If you went underground tubing as they clog up you slowly watch an entire row die in front of you.

Its a risk management thing. if you have 10 tomato plants and a dripper clogs while your away. you lose 1 plant. If tube drip under the ground clogs you lose them all. Sometimes soil pressure will cause underground tubing to flatten in the heat and kink as well, shutting off an entire leg.


interesting, well youlay out a great arguement against the underground drip system, and infact I was just sitting here considering this, I decided sense my garden, ( it is a test garden where I will learn the best structure system and plans.) is a test garden I can always put the underground drip system in half the garden and above drip system in the other half, which ever brings the best result is what I will use in the final garden. The 10 x 20 garden I have going know, after I find the best system and create my new larger garden, the test garden will become a greenhouse which I want to sepcialize in specialty flowers. There are only a few flower shops here and I am almost positive they order their flowers from out of area, probably the big city that is 150 miles away. I figure I can start a specialty flowers garden and sell them locally at a discounted price. And if it would work out I could quickly add a larger green house from the monies I made.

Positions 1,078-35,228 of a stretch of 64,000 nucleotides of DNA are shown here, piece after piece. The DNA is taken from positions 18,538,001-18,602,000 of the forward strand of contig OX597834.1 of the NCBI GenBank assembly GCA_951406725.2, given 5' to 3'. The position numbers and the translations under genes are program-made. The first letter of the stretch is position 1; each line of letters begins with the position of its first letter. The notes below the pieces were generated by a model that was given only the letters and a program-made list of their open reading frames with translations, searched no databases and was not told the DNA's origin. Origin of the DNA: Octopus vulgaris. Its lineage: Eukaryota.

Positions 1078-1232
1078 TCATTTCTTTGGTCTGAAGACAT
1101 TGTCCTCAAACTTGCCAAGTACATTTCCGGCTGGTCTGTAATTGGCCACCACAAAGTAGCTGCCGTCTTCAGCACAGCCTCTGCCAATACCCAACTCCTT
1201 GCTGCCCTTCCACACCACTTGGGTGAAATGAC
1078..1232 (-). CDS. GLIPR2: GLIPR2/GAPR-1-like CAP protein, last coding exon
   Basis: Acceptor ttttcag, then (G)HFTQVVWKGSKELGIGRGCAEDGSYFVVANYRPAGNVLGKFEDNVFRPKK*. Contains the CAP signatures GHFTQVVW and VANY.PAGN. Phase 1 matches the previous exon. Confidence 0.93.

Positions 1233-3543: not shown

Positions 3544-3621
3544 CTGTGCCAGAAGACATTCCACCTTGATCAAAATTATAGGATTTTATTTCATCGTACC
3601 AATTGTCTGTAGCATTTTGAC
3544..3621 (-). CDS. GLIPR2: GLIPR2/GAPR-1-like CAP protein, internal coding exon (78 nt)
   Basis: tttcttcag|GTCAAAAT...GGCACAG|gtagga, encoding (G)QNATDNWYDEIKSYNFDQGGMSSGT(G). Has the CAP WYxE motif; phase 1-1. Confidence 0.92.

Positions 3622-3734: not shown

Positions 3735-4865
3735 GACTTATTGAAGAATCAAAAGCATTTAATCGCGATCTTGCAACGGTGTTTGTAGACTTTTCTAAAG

posted on Jun, 12 2011 @ 01:34 PM
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reply to post by Shadowalker
 


yeah hand pump and i guess people have forgotten the days of old

and they are still seen on many farms around this country and this world

a windmill providing the power to the well